To understand the resonance that a resurgent Islam has for the Netherlands - and particularly its visible symbols, such as the wearing of the veil and the building of mosques - one needs to look back into Dutch history, to the concept of verzuiling ("pillarisation" in English) that held sway prior to the 1960s. Pillarisation was a way for Dutch society, always fragmented along sectarian lines, to co-operate. Religious and political groups formed their own "pillars" - parallel schools, businesses, cultural institutions and newspapers, all agreeing to get along and leave each other alone.
"On top of these pillars was a horizontal elite who solved conflicts, but citizens stayed in their own pillars. If you were Catholic, for example, you bought your bread from a Catholic baker," explains Sadik Harchaoui, the director of Forum: the Institute for Multicultural Affairs, a non-governmental organisation that works on integration policy in the Netherlands. "That was the stabilising factor in Dutch society and for a long time it functioned well."
But during the 1960s and 1970s, two big changes occurred: the first was the cultural revolution that took place in much of the West, levelling out society and consigning churches and other notions of traditional authority to history. Pillarisation collapsed. At the same time, mass immigration began, bringing workers from Turkey, Morocco and Suriname. For these new arrivals, there was no "pillar" for them to fit into and they needed to fight their way into Dutch society or remain at the fringes. As elsewhere, an increasingly globalised world brought down traditional industries and some parts of Dutch society suffered.
When, at the beginning of the century, the populist Pim Fortuyn appeared on the political scene, he attacked Islam - the faith - as the reason for this social upheaval. Muslim communities, he argued, struggled to integrate because of their faith, not because they were immigrants. For Fortuyn, integration wasn't a process but a philosophy, and he saw Islam as the opposition. After September 11 and its attendant focus on Muslim communities in the West, an unhealthy symbiotic relationship emerged: as Muslim communities felt under siege, they gravitated to visible symbols of their faith and their parents' culture. The Dutch - in common with other European countries - saw in these symbols confirmation of the wilder rhetoric about the separateness of Islam and insisted even more strongly that Muslim communities integrate. The Dutch difference stems from their history and understanding of pillarisation. For the Dutch, the fear of Islam is not the fear of an alternate culture, as it is in British and German cities where immigrants have formed ethnic enclaves, but rather the fear of a return to an alternative religious pillar. In the visible symbols of Islam they see not a minority culture but a separate pillar; worse, a separate pillar they fear may interfere in their own lives.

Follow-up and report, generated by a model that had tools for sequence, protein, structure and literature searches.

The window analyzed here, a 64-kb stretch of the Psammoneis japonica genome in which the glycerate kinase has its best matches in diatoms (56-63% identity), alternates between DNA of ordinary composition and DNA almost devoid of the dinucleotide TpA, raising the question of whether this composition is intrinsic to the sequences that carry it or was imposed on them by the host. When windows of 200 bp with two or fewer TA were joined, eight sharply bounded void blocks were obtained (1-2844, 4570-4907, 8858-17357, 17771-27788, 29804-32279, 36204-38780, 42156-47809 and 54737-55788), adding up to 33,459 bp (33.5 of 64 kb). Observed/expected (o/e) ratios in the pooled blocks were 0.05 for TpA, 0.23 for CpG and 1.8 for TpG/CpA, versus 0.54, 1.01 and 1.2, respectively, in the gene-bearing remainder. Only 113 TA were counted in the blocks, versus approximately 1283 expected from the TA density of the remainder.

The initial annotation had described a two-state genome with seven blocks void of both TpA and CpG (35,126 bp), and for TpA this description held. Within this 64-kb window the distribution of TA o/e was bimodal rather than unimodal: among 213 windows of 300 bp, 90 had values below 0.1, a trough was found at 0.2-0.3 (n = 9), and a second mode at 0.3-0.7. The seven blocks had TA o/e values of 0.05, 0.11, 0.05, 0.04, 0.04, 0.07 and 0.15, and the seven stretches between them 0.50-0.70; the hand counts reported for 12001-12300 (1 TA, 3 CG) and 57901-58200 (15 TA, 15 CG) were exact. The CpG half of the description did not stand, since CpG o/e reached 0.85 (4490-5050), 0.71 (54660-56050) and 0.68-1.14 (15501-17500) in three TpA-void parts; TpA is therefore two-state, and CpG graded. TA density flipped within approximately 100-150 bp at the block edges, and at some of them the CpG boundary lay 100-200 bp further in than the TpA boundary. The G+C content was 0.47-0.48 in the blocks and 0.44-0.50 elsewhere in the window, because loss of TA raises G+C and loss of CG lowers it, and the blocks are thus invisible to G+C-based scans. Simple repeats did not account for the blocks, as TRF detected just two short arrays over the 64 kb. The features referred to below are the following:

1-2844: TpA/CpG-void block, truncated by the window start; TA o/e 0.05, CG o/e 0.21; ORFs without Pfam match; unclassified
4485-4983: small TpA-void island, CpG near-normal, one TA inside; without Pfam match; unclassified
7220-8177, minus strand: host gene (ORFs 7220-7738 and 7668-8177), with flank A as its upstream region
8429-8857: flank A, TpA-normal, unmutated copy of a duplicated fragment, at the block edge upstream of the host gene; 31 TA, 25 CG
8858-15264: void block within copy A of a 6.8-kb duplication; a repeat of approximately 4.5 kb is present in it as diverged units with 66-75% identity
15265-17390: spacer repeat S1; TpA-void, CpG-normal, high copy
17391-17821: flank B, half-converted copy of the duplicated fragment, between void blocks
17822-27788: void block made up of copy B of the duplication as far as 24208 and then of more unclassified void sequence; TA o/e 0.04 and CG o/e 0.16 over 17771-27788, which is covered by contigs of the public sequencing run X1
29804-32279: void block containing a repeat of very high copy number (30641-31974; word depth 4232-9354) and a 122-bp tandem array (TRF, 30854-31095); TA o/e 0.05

As Harchaoui puts it: "The Dutch say, 'Finally, we have been liberated from the rule of the church.' That's what we fought for in the 1960s and 1970s. Now you have Muslims who behave like Muslims and this causes great concern." For the Dutch, a visible Islam provokes two fears: a return to religious authority and a concern that authority may interfere in their lives. Such a scenario might suggest irreconcilable differences, were it not that Wilders and the Freedom Party are wrong on the facts. Far from being a monolithic, devout group, the Dutch Muslim community has a complex and evolving relationship with the faith of their parents.
Research by Forum shows these complexities. Its 2010 report on the position of Muslims notes: "Although compared with Turks, Moroccans have more contacts with native Dutch people, are more modern in their attitudes to relationships between men and women and family ties, and are less concerned about retaining their own culture, [research] shows that religion plays a more important role in their daily lives than among Turks." At the same time, Turkish women are more religiously observant than Turkish men, while the opposite is true among Moroccans. Neither group prioritises educating their children at Islamic schools or converting others to Islam.
For now, Wilders' narrative of a separatist Muslim community has played successfully in some regions. His party benefits from a lack of mixing between communities outside of the big cities. Most of his supporters fear a community they don't see. But the Netherlands has Muslim mayors and businesspeople, TV presenters and actors. As it becomes more apparent the Dutch Muslim community, like most communities, just wants to rub along, Wilders' argument is likely to collapse - along with the Freedom Party's share of the vote.
Faisal al Yafai is a journalist. He received the Ibn Battuta Award for Media in London this spring and is a Churchill Fellow for 2009/2010.